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Choose a topic that interests you. Even if a topic has been assigned, you may be able to choose a particular aspect of the topic that interests you personally. Use the following questions to help you generate topic ideas.
Do you have a strong opinion on a current social or political controversy?
Did you read a newspaper article, or see a TV broadcast recently that piqued your curiosity or made you angry or anxious?
Do you have a personal issue, problem, or interest you'd like to know more about?
Do you have a research paper due in a class this semester?
Is there an aspect of one of your courses you are interested in learning more about?
Look at some of the following topically oriented Web sites and research sites for ideas
Keep it manageable. A topic will be very difficult to research if it is too broad, or too narrow. One way to narrow a broad topic such as "the environment" is to limit your topic. Common ways to limit a topic are:
It is common to modify your topic during the research process.
Keep in mind the assigned length of the research paper, project, bibliography or other research assignment.
Step 6: Define your topic as a focused research question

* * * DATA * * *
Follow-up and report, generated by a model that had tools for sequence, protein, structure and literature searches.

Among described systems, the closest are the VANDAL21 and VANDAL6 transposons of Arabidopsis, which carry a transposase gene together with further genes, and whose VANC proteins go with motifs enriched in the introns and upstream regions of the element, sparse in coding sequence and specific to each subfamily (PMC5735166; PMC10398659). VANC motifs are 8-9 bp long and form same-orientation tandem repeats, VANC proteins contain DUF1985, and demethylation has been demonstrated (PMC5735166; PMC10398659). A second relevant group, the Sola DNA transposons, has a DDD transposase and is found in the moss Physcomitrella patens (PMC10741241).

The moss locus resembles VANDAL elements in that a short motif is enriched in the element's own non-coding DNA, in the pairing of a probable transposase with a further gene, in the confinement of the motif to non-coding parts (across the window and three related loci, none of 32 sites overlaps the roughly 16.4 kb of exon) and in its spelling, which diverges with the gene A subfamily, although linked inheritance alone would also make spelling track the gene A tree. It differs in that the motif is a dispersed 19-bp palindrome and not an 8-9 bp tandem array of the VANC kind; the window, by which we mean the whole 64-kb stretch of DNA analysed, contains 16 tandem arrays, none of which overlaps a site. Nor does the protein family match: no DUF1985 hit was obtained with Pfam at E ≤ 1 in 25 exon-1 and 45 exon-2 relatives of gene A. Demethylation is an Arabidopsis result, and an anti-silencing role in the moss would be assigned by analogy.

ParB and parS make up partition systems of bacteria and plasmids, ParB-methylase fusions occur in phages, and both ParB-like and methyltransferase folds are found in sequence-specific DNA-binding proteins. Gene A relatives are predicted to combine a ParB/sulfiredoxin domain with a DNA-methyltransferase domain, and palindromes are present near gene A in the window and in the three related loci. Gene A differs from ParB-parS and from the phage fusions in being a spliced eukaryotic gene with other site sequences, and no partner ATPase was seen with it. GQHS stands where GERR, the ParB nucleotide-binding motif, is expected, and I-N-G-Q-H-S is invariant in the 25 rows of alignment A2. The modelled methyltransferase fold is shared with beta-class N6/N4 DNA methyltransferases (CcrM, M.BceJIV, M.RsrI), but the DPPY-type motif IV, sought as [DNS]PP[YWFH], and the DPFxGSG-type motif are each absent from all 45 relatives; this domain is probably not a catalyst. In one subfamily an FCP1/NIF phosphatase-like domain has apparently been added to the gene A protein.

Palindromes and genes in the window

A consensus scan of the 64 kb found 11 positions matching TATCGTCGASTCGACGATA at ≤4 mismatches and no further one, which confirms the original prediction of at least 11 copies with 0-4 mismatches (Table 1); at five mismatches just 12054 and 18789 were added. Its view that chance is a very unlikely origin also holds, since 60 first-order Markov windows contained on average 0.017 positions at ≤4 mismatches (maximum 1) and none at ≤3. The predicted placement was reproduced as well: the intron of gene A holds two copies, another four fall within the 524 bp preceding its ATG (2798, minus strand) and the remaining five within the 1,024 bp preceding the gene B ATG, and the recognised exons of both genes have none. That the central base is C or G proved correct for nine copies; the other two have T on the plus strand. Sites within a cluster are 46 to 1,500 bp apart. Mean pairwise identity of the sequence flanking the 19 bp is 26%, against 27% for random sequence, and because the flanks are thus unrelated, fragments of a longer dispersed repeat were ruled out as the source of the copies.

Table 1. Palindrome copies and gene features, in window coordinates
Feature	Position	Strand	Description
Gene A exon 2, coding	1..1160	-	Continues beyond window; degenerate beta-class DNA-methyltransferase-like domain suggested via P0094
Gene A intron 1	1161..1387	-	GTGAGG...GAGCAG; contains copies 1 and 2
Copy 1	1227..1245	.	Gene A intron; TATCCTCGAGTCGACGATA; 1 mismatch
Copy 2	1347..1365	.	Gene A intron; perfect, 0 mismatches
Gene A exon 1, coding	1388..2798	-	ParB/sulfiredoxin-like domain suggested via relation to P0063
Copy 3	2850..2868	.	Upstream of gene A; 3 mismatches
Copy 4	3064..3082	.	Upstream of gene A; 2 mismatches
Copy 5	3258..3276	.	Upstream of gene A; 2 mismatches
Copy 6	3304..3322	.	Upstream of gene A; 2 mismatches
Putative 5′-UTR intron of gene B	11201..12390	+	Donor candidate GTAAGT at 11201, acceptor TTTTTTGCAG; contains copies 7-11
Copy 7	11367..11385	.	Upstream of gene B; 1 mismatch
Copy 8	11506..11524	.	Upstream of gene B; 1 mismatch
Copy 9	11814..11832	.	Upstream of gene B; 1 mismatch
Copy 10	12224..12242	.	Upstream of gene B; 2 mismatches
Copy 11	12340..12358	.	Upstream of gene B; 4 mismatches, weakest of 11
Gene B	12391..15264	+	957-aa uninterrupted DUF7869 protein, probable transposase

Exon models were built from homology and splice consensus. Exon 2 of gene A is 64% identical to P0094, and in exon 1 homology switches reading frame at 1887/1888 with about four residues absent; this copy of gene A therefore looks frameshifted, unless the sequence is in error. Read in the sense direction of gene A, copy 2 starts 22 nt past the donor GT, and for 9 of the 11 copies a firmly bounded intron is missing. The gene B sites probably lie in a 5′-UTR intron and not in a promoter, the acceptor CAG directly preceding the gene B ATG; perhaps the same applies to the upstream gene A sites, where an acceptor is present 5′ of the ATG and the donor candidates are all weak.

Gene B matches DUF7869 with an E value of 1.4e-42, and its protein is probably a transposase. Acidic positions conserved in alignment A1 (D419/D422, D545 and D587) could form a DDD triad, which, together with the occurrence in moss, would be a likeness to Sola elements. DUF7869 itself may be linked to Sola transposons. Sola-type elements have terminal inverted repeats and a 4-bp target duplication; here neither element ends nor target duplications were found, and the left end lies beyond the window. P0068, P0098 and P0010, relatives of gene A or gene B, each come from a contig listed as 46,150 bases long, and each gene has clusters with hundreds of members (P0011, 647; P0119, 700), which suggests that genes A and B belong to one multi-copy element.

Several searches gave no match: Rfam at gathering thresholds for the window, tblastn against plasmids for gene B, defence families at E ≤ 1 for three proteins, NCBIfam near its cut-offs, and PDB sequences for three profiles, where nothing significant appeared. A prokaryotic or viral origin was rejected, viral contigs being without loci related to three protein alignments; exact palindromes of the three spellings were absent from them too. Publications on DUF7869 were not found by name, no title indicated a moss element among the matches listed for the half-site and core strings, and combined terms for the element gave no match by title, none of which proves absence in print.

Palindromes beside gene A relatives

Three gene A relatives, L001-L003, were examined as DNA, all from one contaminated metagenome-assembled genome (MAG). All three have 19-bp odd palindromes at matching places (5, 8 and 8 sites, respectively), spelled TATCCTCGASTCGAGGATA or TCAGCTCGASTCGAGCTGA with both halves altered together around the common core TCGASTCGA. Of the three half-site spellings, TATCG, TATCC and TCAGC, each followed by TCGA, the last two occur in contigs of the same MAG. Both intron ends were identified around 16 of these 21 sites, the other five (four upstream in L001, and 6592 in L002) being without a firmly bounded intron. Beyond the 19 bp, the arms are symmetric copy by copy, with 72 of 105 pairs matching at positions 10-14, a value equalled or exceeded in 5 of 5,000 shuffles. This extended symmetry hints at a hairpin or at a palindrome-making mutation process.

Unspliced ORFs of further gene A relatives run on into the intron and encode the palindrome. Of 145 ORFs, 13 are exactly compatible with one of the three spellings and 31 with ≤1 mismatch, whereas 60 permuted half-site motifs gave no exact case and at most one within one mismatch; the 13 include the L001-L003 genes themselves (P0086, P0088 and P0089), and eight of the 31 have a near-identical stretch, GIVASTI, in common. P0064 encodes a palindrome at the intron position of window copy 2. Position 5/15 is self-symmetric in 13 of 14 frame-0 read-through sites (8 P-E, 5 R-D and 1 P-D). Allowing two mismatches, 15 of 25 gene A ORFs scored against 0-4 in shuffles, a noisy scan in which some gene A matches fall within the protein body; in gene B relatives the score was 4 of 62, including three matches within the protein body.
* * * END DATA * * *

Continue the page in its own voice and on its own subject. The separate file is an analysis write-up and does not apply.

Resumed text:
You will often begin with a word, develop a more focused interest in an aspect of something relating to that word, then begin to have questions about the topic. For example:
Ideas = Frank Lloyd Wright or modern architecture
Research Question = How has Frank Lloyd Wright influenced modern architecture?
Focused Research Question = What design principles used by Frank Lloyd Wright are common in contemporary homes?
Step 7: Research and read more about your topic
Write your topic as a thesis statement.
This may be the answer to your research question and/or a way to clearly state the purpose of your research. Your thesis statement will usually be one or two sentences that states precisely what is to be answered, proven, or what you will inform your audience about your topic.
The development of a thesis assumes there is sufficient evidence to support the thesis statement.
For example, a thesis statement could be: Frank Lloyd Wright's design principles, including his use of ornamental detail and his sense of space and texture opened a new era of American architecture. His work has influenced contemporary residential design.